February 2016, here we are again, after the success of the first plus size campaign for fashion targets breast cancer we get back in touch with Natalie in February that year to discuss collaborating again. At this meeting I was determined to bring something different to the table, show I could continue to raise the bar.
So…What about men?…I said…
That corporate red tape strikes and that concept was squashed before I took my first sip of my cappuccino. Natalie understood where I was coming from but the sheer size of the company meant this was not something that could be actioned for this campaign, they had a template, they had rules they had to follow and this could not be accommodated.
We went on to produce another self funded plus size campaign to run alongside their hero campaign at the time featuring Kate Moss and Naomi Campbell.
Something to be proud of, of course, however not something that excited me. I couldn’t shake the response I had towards wanting to generate a men's campaign for a fashion focused charity project.
Men were just not as highly considered when it came to this market and its value.
Fashion, well it's not something men are really bothered about is it ??? Men don’t suffer with body confidence issues, men don’t have eating disorders. These are just some of the opinions I came across when discussing it with my peers.
Did we ever ask men ?
January to March that year before confirming the production with Fashion Targets Breast Cancer I had been speaking a lot to my partner Luke about masculinity and fashion. Always considered a man who likes to look after himself, at some points in our relationship his wardrobe had a higher price tag than mine. Luke had completed a Masters in Fine Art at UCL and his final project was focused on masculinity and body image. He studied the changes in the way society perceive masculinity over the last 40 years and what effect this has had on the males psyche, from the evolution of the 80’s action hero bodybuilder to modern marvel super heroes.
" Unhealthy body goals are leading to an increase in body dysmorphia for young men and much like how the anorexic look of the 90’s runway model had a hugely negative impact on young women in the noughties with a growing number of cases of anorexia and bulimia, there has been a steady increase in young men adopting unhealthy habits to reach their ‘body goals’. "
Luke had struggled with his size his whole life, having a brother who is a professional athlete didn’t help, but he found it harder than his siblings to “compete” in size and shape, wondering what made his body so different. Never mind the fact he had done manual labour most his life and could run circuits around me, this insecurity and lack of understanding of his body and how strong and capable it was had caused him a great deal of stress in his life. Channelled of course through his final piece at UCL where he got to explore what he believed to be its origins and impact.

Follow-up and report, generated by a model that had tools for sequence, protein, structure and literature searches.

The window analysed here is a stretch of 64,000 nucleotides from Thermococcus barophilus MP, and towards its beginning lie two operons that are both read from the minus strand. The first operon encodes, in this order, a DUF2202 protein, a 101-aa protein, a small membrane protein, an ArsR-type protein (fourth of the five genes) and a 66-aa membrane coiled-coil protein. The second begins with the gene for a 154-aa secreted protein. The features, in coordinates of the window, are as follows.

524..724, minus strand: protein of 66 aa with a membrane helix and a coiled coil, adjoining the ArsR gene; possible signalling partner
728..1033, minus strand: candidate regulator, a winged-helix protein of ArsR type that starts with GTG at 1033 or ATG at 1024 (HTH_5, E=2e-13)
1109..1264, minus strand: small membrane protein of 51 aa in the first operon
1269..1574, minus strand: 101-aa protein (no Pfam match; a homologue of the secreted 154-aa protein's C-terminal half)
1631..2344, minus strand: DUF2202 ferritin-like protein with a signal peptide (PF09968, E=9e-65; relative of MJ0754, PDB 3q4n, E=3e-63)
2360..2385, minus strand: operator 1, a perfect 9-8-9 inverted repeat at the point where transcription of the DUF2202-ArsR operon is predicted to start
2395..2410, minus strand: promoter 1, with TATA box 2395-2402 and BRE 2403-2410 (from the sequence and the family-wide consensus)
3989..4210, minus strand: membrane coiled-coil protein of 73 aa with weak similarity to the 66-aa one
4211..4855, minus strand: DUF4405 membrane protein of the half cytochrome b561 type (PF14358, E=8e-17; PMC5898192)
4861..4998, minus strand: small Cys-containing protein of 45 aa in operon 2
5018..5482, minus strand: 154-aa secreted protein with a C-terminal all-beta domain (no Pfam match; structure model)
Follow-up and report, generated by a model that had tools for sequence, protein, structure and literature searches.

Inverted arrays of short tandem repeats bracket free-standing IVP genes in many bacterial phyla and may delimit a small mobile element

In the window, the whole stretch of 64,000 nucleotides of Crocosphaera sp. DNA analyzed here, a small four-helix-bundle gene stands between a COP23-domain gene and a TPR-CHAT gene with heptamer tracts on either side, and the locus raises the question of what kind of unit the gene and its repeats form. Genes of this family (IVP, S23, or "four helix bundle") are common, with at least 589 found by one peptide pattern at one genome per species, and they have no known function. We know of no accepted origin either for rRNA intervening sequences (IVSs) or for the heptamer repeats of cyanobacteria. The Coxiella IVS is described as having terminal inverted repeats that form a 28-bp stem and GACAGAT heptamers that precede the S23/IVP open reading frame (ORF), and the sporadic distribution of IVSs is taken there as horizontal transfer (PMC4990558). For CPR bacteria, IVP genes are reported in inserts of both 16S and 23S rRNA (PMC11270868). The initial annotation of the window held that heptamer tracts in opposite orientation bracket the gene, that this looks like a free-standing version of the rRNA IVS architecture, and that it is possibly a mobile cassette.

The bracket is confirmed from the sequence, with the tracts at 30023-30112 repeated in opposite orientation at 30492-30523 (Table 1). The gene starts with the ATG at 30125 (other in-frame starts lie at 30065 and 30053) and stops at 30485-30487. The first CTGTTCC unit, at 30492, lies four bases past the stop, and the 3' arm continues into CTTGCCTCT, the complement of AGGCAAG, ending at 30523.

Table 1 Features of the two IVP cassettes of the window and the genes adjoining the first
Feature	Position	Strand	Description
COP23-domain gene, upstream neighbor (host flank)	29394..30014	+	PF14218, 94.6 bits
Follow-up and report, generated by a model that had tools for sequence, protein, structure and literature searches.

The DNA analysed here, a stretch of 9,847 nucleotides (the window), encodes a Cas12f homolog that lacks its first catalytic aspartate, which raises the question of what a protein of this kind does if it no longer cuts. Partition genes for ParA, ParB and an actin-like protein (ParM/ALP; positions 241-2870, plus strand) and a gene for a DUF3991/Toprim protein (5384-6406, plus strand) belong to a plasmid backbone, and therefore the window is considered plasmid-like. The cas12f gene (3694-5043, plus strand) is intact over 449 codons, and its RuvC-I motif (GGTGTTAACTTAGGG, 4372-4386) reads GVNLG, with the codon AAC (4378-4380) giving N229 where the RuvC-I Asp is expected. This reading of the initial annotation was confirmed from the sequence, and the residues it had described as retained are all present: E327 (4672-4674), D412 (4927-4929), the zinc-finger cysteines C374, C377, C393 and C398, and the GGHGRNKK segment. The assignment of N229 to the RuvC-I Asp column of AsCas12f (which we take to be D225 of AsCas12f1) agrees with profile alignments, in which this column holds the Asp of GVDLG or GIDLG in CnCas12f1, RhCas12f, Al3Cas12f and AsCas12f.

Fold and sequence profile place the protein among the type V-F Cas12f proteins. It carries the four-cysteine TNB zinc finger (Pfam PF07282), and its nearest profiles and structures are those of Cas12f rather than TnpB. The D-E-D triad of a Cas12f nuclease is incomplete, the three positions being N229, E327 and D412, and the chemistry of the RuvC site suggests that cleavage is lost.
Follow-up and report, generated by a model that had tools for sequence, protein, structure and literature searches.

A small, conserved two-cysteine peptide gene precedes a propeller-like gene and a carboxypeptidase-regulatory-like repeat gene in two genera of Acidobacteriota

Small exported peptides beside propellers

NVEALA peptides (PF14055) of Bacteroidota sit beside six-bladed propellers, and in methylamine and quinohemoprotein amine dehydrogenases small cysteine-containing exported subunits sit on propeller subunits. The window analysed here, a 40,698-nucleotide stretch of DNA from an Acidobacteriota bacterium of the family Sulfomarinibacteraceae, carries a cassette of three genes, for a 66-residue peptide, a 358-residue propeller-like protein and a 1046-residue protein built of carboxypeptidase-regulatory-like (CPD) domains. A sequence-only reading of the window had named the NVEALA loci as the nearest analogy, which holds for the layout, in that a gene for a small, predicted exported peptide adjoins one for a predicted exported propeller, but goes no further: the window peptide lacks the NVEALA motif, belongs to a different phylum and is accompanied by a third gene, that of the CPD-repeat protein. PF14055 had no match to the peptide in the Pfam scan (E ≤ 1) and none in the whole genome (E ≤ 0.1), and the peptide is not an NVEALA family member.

Over an impromptu picnic on a rare sunny day in London on Wandsworth Common we discussed why were men not being considered when discussing diversity in the fashion industry. Luke went on to highlight to me that if you were to look at the BMI results of the England Rugby team it would list them all as obese, in his view the concept of health and size were too often in conjunction with one another. When actually the human body is much more complex, our bone structures our heritages have much more of a say on our physical health than what a table can tell us.
Hearing how body confidence issues effected the men in my life was the last push I needed to pursue what I knew was long overdue.
The search was on...
Where would we find men for this first of its kind division for what the world would consider ‘plus size male models’ in the U.K. What would the parameters of this new sector and industry look like, where we setting these parameters and what would that mean?
We were nervous to be the first to do anything, but one of the positives of being a small SME in its first two years of business is you can and are expected to take risks, and that is exactly what we did. With minimal press contacts in our database we weren’t even sure if anyone would pick it up and cover our launch.
I spent long nights traversing through the internet to find contact details for relevant publications and journalists who I thought may be interested in covering our little venture.
The response we got was phenomenal, a mixture of course of positive and negative opinions, we launched with the signing of Ben Whit a gardener and personal trainer from Surrey, very physically fit and broad in stature Ben was not a conventional male model because he did not fit into one of two categories, the slim and lean runway models you see at fashion week or the ripped and defined fitness models you see on the cover of magazines.
When we met Ben Whit we knew, we knew exactly what this division would mean and represent. Ben was passionate about fitness and new his body was strong and capable, however he did not carry a men’s health front cover worthy six pack and therefore felt insecure and underrepresented. Ben struggled to find clothes that fit well, he, like many men I know, would revert to ordering online for their size and ordering in bulk when they found an item that fit them well as it was such a hard commodity to come by.
Ben was ready to take it all on, the issues around BMI, are we promoting obesity, are you healthy, is there a market for men, why now? Ben was inadvertently thrust into an ambassador position for this movement, one that I am not sure he was aware he would be championing but one he became absolutely enamoured by.
As our board grew and we started to recruit more and more male models to our agency so did the discussions, so did the opportunity for learning and listening to what men wanted to see and needed to hear.
In 2019 we launched by popular demand our New York division, the requests and demand from across the pond was loud and clear and we needed to follow through and invest in that market. We launched solely with a men’s board in direct contrast to how our London office launched 5 years prior.
To date we have had the pleasure and privilege to be supported by and work with such amazing brands like Calvin Klein, YSL, Levis, GAP, American Eagle, SavagexFenty, Jack and Jones, Abercrombie and Fitch, NIKE, ADIDAS, ASOS, Boohoo and many more.
" 5 years, 4000 applications, bookings on 3 continents, 2 offices and 1 industry defining launch later. "
What a sign of the times. What an impact a small company like ours has had. Sometimes you don’t need to wait for the demand, you need to create the solution they never knew they needed.